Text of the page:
If the defaultCriticalPathIp is present, it is used as the critical path for all nodes that have not had a critical path specifically set. Typically you would set this to the IP address of your OpenNMS system's default gateway. Presently ICMP is the only service that can be used to test critical paths. This may change as this feature is enhanced. The defaultCriticalPathTimeout and defaultCriticalPathRetries determine how long we wait for a response when testing critical paths, and how many times we retry.

You can alternately add OpenNMS's default gateway as the initial "critical path outage" for all nodes. However you want to ensure you configure this path first since it will overwrite any previous "critical path" entries. When entering "critical path outage" information, start with the broadest possible outage path, and then begin to get more granular. Otherwise OpenNMS will overwrite the granular entries, in favor of the broader entries.

Configuration Tips

1. A unique situation arises when the node with the defaultCriticalPathIp goes down. The defaultCriticalPathIp will be tested and will not respond, and thus a node down notification for this node will not be sent. To avoid this situation, manually configure a criticalPathIp on this node, and set it to an address that will always respond to a ping. Your server's loopback address is a good choice, usually

2. Note that nodeUp notifications are NOT suppressed when the path outage situation is resolved. To receive "up" notifications for nodes that were truly down while avoiding a flood of unwanted nodeUp notifications due to path outages, don't use nodeUp notifications. Instead set autoNotify to "on" in your destination paths for the nodeDown notifications. See AutoNotify How-To for more information.

Path Outage in provisioning requisitions

To configure the critical path for a requisitioned (and regularly re-imported) node, the before-mentioned ways to configure do not work. If you configured it as mentioned, every time provisiond imports the group, the path outage configuration will be erased. Instead you have to put the definition into the imported xml and define the parent-foreign-id or parent-node-label. See the example below:

    <node node-label="" foreign-id="11111111">
        <interface status="1" snmp-primary="P" managed="true" ip-addr="">
            <monitored-service service-name="ICMP"/>
    <node node-label="node.two" foreign-id="22222222" parent-foreign-id="11111111">
        <interface status="1" snmp-primary="P" managed="true" ip-addr="">
            <monitored-service service-name="ICMP"/>
    <node node-label="node.three" foreign-id="33333333" parent-node-label="node.two">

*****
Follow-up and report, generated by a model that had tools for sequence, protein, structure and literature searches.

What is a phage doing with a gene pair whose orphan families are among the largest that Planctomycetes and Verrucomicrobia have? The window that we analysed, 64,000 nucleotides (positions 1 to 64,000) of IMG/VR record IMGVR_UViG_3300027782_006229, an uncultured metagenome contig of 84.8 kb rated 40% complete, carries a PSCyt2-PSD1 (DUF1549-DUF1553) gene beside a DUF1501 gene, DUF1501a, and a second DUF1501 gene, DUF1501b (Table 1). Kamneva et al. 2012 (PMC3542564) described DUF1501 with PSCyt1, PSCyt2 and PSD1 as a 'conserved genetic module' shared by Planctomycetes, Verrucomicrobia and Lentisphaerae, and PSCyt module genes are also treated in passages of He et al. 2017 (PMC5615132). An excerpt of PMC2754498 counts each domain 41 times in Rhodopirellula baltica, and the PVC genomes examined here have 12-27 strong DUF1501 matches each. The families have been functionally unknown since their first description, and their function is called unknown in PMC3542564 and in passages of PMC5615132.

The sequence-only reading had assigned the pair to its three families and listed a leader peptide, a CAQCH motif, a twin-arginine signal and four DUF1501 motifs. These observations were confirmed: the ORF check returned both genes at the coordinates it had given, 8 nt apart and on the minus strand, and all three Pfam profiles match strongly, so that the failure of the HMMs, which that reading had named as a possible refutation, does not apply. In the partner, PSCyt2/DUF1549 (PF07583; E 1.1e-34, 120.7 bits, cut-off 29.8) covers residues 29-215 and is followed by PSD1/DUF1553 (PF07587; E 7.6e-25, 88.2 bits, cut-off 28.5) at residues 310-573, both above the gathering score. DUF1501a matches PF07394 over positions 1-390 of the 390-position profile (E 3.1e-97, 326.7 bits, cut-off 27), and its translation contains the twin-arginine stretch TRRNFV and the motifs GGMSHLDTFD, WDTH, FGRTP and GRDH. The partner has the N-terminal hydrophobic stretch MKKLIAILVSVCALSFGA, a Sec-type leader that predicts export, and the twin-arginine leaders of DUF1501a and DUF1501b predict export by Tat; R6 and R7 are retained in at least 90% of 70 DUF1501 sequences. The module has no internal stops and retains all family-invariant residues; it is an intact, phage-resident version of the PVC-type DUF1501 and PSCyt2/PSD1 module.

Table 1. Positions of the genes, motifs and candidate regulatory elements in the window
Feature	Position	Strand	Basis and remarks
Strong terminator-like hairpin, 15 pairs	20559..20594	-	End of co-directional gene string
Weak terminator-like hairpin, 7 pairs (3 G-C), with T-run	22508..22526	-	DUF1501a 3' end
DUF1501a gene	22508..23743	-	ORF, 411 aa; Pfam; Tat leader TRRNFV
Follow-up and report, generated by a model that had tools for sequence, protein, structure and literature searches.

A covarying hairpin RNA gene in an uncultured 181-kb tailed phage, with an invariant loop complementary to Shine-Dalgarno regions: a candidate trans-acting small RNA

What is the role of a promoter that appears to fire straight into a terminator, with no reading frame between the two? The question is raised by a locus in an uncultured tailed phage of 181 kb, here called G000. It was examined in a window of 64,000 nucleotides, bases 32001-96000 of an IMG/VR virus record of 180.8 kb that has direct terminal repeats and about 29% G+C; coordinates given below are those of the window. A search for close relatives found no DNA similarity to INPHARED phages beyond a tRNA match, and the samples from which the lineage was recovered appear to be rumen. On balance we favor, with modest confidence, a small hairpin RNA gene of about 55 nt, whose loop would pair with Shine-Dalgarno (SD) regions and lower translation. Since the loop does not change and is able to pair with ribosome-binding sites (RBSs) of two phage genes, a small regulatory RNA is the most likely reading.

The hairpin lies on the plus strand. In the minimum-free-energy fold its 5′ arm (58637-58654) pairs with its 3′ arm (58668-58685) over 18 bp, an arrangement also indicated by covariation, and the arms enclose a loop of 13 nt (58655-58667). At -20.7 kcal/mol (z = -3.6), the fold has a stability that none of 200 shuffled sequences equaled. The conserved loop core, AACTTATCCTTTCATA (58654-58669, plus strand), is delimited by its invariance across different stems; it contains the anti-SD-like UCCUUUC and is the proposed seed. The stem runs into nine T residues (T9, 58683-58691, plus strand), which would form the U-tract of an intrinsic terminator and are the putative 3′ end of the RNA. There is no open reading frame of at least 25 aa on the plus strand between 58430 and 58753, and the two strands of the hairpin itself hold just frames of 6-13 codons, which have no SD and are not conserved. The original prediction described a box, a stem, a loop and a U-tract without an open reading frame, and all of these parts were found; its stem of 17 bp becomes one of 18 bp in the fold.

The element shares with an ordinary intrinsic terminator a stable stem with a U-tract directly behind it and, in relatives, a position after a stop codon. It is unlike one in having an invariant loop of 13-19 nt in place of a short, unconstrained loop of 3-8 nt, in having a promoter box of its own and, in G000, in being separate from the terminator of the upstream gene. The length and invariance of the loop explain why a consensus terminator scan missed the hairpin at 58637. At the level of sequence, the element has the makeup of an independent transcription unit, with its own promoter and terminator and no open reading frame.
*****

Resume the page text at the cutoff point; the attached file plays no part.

<interface status="1" snmp-primary="P" managed="true" ip-addr="">
            <monitored-service service-name="ICMP"/>

This will produce pathoutages like this:

opennms=# select * from pathoutage ;
 nodeid | criticalpathip | criticalpathservicename 
  11669 |        | ICMP
  11670 |        | ICMP
(2 rows)

Viewing Path Outage Status

From the main navigation bar select Path Outages. You will see a table with each row showing a Critical Path Node, Critical Path IP, Critical Path Service (always ICMP in phase I), and the Number of Nodes dependent on this critical path. The background color for the Critical Path Service indicates the status of the service.

To view a list of nodes dependent on a given path, click on the number in the right-hand column, You will see a table of nodes and status.The background color in the status column for each node indicates the status of the managed services on the node.

Some Additional Details (For Geeks Only)

NodeDown events are generated for all node down situations, whether due to a path outage or not. If a nodeDown event occurs because of a path outage, nodeDown notifications are suppressed for this node and two additional things happen. First, three more parameters are added to the nodeDown event:

   criticalPathIp=<Critical Path IP Address>

And Second, an additional event with eventuei is created. This event has four parameters:

   nodelabel=<node label>
   criticalPathIp=<Critical Path IP Address>

The noticeSupressed parameter indicates whether or not the nodeDown event matched any notices in the notifications.xml file. The pathOutage event could be used to create some alternate notification, say e-mail instead of page, and the parameters can be tested in the notification for further fine tuning. (See Using A Parameter for Notifications in the release notes.)